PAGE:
Another way to create harmony and obedience in children is by using the "choice" technique. In this technique, parents present children with a limited number of choices from which they must choose. Younger children should be offered only a small number of choices, ideally no more than 2 or 3 at a time. Too many choices will overwhelm children and complicate the situation. All the choices to be offered are selected in advance by parents and are therefore acceptable and appropriate.
Offering children the option to choose from among acceptable choices allows them healthy room to assert themselves and their unique personalities, while still constraining them to be obedient. Offering children a choice facilitates cooperation and usually avoids a war of the wills. Often at this age, young children will say, "No" to something parents impose on them, simply to exert their independence. This stubbornness isn't necessarily bad. Instead, it's a sign of children's developing individuality. If parents give children two choices, such as oat O's or wheat flakes for breakfast, everyone's needs can be met. The child gets to choose between healthy alternatives, saying "No" to one of them, and there isn't a battle about breakfast.
When parents start integrating the use of choice into their repertoire, simple everyday tasks such as getting dressed in the morning can be completed more quickly. For example, say that Billy refuses to wear the yellow polo shirt and khakis that Mom pulls out of the closet, even though he loved them just last week. Instead, he wants to wear his swim trunks and flip-flops to school. He may begin to pout and to refuse to get dressed, while Mom asserts the need to get dressed immediately to avoid being late for school. Both sides are firm in their conviction. Billy wants to show his independence and choose what he wants to wear. Mom wants to see her son dressed appropriately for the weather and the activity, and still make it to work on time. A simple use of choice could diffuse this entire situation. Mom could start off by saying, "Billy, what would you like to wear today? Your blue striped polo or your green sweatshirt?" Billy can pick the shirt he likes, and show Mom that he wants some control over his life. Mom will feel satisfied that her child will stay warm at school and everyone can get to school and work on time.
The choice technique need not be limited to helping children negotiate breakfast or choosing an outfit. Instead, it can be successfully applied in many settings and decision points. For instance, parents can say to children: "Choose cereal or toast" at the restaurant, "Choose the turtle book or the space book", at the library, and "Hold my left hand or my right hand, when crossing the street. Choice can also be used to make certain chores or less-desirable activities more pleasant for kids. Something as small as choosing whether to take a bath before or after the weekly call to Grandpa, or choosing whether to eat peas before or after the chicken leg can powerfully motivate young children to behave.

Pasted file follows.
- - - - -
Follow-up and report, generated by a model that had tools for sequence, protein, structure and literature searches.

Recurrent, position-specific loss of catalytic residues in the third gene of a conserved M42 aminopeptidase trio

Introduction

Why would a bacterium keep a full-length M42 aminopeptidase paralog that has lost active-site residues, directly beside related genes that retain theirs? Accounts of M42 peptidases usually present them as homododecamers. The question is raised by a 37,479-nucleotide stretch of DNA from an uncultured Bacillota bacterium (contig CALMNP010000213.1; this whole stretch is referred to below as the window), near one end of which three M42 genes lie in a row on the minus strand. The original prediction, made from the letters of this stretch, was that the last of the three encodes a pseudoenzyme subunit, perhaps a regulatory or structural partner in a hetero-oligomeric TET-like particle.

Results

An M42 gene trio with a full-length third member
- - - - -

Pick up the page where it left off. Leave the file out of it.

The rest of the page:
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Offering children choices is a way of offering them control over their lives without putting them at risk. While making such simple choices may seem insignificant to adults, choice conveys to children that their unique preferences are important, and can dramatically decrease the number of daily battles that must be fought. Giving children small choices teaches them that they have the ability and the responsibility to make larger choices in life, such as whether to follow or to break rules. To take this a step further, children who are allowed to choose learn that deciding between a good choice or a bad choice is actually deciding between a positive outcome or a predictable and undesirable negative consequence. Maintaining discipline can then be explained to children as a simple case of their making a choice between consequences. Treating misbehavior as a bad choice (rather than saying or implying that children themselves are bad) helps teach children to follow the rules without decreasing their self-esteem.